Question 2: The PA Senate recently passed a bill that will incrementally increase the state’s minimum wage for the first time since 2007. The bill would increase the state’s minimum wage to $8.00 an hour on July 1, 2020 and by $0.50 increments every 6 months, reaching $9.50 an hour in January of 2022. Do you believe that this bill should become law?
Agree with the bill: 48%
Disagree with the bill because it is too much of an increase: 29%
Disagree with the bill because it is not enough of an increase: 19%
No opinion: 4%
Question 3: The Governor, through executive order, decided by himself that Pennsylvania should join the Regional Greenhouse Gas Initiative (RGGI) with a number of other states. Some believe this move could be beneficial for the environment in reducing greenhouse gasses. Others argued that the Governor did not have the authority to join RGGI without the consent of the General Assembly and that his action would dramatically increase electric bills for everyone and would bankrupt the state’s coal refuse industry. Do you support the Governor’s executive order to mandate that PA join RGGI?
Support the Governor’s Executive Order to join RGGI: 16%
Oppose the Governor’s Executive Order: 76%
No opinion: 9%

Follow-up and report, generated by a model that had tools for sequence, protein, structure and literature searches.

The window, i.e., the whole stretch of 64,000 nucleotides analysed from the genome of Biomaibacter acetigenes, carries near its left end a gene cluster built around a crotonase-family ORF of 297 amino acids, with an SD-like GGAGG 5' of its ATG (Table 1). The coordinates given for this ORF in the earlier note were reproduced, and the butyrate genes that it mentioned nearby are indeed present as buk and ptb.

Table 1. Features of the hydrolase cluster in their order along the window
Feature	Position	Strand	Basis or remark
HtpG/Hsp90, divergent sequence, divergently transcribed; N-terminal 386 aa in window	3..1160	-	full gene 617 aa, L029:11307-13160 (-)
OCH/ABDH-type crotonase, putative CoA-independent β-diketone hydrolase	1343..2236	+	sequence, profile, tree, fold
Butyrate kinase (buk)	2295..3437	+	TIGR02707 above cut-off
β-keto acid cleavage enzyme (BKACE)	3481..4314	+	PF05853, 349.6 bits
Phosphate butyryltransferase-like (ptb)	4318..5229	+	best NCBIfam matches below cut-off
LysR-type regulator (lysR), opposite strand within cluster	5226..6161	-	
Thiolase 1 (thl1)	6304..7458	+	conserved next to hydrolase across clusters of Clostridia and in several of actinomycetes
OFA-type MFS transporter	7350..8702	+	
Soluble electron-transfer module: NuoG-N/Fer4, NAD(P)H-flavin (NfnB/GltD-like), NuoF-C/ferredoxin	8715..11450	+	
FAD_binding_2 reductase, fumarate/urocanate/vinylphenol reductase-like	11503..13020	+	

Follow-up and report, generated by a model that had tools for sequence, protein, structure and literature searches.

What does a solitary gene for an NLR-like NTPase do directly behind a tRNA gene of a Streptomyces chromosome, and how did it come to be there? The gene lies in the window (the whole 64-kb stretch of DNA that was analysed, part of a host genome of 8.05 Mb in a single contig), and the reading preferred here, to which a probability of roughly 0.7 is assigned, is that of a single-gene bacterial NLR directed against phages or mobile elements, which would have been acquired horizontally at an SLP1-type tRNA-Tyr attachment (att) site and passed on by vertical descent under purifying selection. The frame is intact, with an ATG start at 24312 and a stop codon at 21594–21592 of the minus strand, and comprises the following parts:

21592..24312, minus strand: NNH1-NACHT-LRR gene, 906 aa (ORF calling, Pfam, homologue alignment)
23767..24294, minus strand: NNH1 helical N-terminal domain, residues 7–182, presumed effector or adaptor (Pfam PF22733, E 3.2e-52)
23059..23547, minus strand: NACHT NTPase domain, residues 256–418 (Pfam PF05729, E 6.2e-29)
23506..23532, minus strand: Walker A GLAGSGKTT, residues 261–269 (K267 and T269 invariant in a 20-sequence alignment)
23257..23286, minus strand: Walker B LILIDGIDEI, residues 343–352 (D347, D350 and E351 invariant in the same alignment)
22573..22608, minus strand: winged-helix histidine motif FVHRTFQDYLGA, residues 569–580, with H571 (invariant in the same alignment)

Question 4: There is currently a bill in the PA House of Representatives that would abolish Daylight Savings Time in Pennsylvania. If made law, Pennsylvania would be the third state in the country to get rid of Daylight Savings Time (the other two being Hawaii and Arizona). Do you support eliminating Daylight Savings Time in Pennsylvania?
Support elimination of Daylight Savings Time in PA: 55%
Oppose elimination of Daylight Savings Time in PA: 39%
No opinion: 6%
I anticipate that my next Tele Town Hall will be held sometime in May. Stay tuned for details!
Two Pieces of Cancer Legislation Advanced By Senate
Last week, the Senate passed two pieces of legislation that are aimed at ensuring health coverage for cancer treatments.
Senate Bill 595, sponsored by Senator Bob Mensch (R-24), would require health insurance policies to provide coverage for diagnostic breast imaging for women believed to be at increased risk for breast cancer due to any of several factors. The bill passed unanimously and now goes to the House of Representatives for its consideration.
House Bill 427, sponsored by Representative Kerry Benninghoff (R-171), would prohibit health insurance policies that cover stage four cancer treatments from making certain requirements before providing coverage for that illness. The bill was passed unanimously in both chambers and is now before Governor Tom Wolf for his signature.
Presidential Primaries Legislation Passed By Senate
In a previous E-newsletter, I described legislation that I had introduced that would move up the date of Primary Elections in years in which the office of the President of the United States is on the ballot. As you know, our citizens usually do not have a say in the selection of each party’s candidate, as the outcome has largely been decided by the time our Primary Election rolls around in late April. Moving that election, only in Presidential Primaries, to the 3rd Tuesday in March would make our state and our voters more relevant in the process.
I am pleased to inform you that Senate Bill 779 was passed unanimously by the Senate. It now goes to the House of Representatives for its consideration.